Case Study: Realtor Finds Value in Patch Ads

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Ever since Minnesota real estate agent David Nelson started placing ads and blogging on the Lakeville Patch, he’s seen an uptick in interest from people looking to buy and sell their homes in his area. Given the targeted audience that reads Patch — and the exposure that the neighborhood site provides — he views the associated marketing costs as a wise investment.

So how did your involvement with Patch first begin?
My broker actually brought up that there’s a Patch in Lakeville. So I took initiative and I talked to the local editor and I started marketing on there. I have an advertisement on the right side of the page. From that point, I was like, “I like to blog and talk.” So, I got my own blog going as well.

Between blogging and placing ads, which has brought you more clients?
I’ve just started blogging over the last three weeks, and with my personal Web site I can tell where my links are coming from and where people are clicking through. I’ve noticed now from my blogs that it’s definitely picking up from where it used to be. Of course my ad is placed on every page 50 percent of the time, so it’s pretty hard to beat that. That’s on anything from classifieds to the local police report. But my blogging is picking up definitely.

Did you have to negotiate with Patch to make sure your ads would show up on every page 50 percent of the time?
It’s a price point. So if I wanted to be on the front page, [in the] upper right, it’s more expensive. I just looked at what my marketing and advertising budget is for the year, and I figured since I live in Lakeville, I’ll specialize in Lakeville — and the Lakeville Patch gets 43,000 hits a month. I’m going to put my money in a wise area. They actually designed the ad for me and I picked that spot [on the page].

For about four months, I was the only person that had a spot. So, I had 100 percent coverage for only paying 25 percent of the fees, which is great. You can’t beat that. Now, somebody else bought a spot, too. So, I’m only 50 percent, but it sure beats anything else. I am paying for 25 percent, but I’m getting 50 percent exposure.

How does the value in hyperlocal advertising compare to the value in print advertising?
With print advertising, by the time you distribute it sometimes the information is already outdated or somebody beat you to it. With the online, I type it, and it’s posted online. It costs me nothing to do it, plus the value comes back because people can keep reading it, they can email it to a friend, or they can tweet it to a friend. So the exposure with online marketing is so much better than print. I’ve almost gone print-free.

What kind of response have you gotten from people in the community since you started with advertising on Patch?
With Patch specifically, people like it because I’m posting more. I’ve actually written a book, but never had it published. So, what I’m doing is breaking down my books and placing chapters on my blog. For instance, right now it’s about getting a house ready to sell. So, I’m putting tidbits from my book on my blog, and people are starting to follow it. I end my blog with “part two coming up next week, and the topic is this.” So, I just started that this last week and I’m actually getting a really good response. The thing is, too, with any blog, people read it because they want information. I’m not there to tout what I do. I’m like, “Hey, if you want more information you can contact me.” That’s just how it works.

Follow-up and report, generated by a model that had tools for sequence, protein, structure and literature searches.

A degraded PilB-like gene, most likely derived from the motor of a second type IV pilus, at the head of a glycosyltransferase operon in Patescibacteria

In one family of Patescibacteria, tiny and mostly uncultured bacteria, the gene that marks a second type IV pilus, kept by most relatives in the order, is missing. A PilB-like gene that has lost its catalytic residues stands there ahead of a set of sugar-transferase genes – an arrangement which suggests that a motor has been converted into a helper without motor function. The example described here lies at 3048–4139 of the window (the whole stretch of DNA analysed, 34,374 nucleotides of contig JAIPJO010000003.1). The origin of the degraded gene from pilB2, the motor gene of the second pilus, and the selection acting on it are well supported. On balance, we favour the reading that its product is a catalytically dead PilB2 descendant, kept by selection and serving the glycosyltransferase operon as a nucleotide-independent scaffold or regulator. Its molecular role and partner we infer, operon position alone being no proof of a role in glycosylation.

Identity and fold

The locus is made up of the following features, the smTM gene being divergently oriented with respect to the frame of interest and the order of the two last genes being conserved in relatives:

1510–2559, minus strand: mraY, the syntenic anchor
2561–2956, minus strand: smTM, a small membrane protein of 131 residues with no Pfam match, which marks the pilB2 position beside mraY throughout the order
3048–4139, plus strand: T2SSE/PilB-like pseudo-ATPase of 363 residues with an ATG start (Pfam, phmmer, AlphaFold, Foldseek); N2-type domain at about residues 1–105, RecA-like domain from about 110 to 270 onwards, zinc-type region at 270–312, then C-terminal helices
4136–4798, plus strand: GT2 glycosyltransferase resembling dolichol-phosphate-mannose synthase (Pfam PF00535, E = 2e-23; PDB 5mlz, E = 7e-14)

I’ve noticed that realtors tend to make up a big portion of the advertisers on hyperlocal news sites. Why do you think that is?
Well with any sort of marketing, people remember the top two in the field. So, it’s all about exposure. You may be the best real estate agent out there, but if nobody knows who you are or what you look like, it’s hard to get your name known. So, that’s why as agents it’s funny. People make fun of us for putting our faces on everything, like business cards, but it’s because they want to put a face to the name. So we have to make a name for ourselves, and that’s a little harder. Real estate agents are a dime a dozen; there’s a lot of us out there.

What is the biggest marketing challenge these days as a real estate agent?
Well, the biggest [for me] is that I’m very new to the company and the business. So, just trying to get your foot in the door and trying to break a mold of what a typical real estate agent does — I tend to do more of the technology aspect. So, even within the Coldwell Banker company, some people are still doing the print ads, some are doing the old school marketing, while I’m trying to take it to the next level. I have to prove to them that I can do this and that it’s marketable.

This interview has been edited for length and clarity. Click here to read more Street Fight local merchant case studies.

Stephanie Miles is a journalist who covers personal finance, technology, and real estate. As Street Fight’s senior editor, she is particularly interested in how local merchants and national brands are utilizing hyperlocal technology to reach consumers. She has written for FHM, the Daily News, Working World, Gawker, Cityfile, and Recessionwire.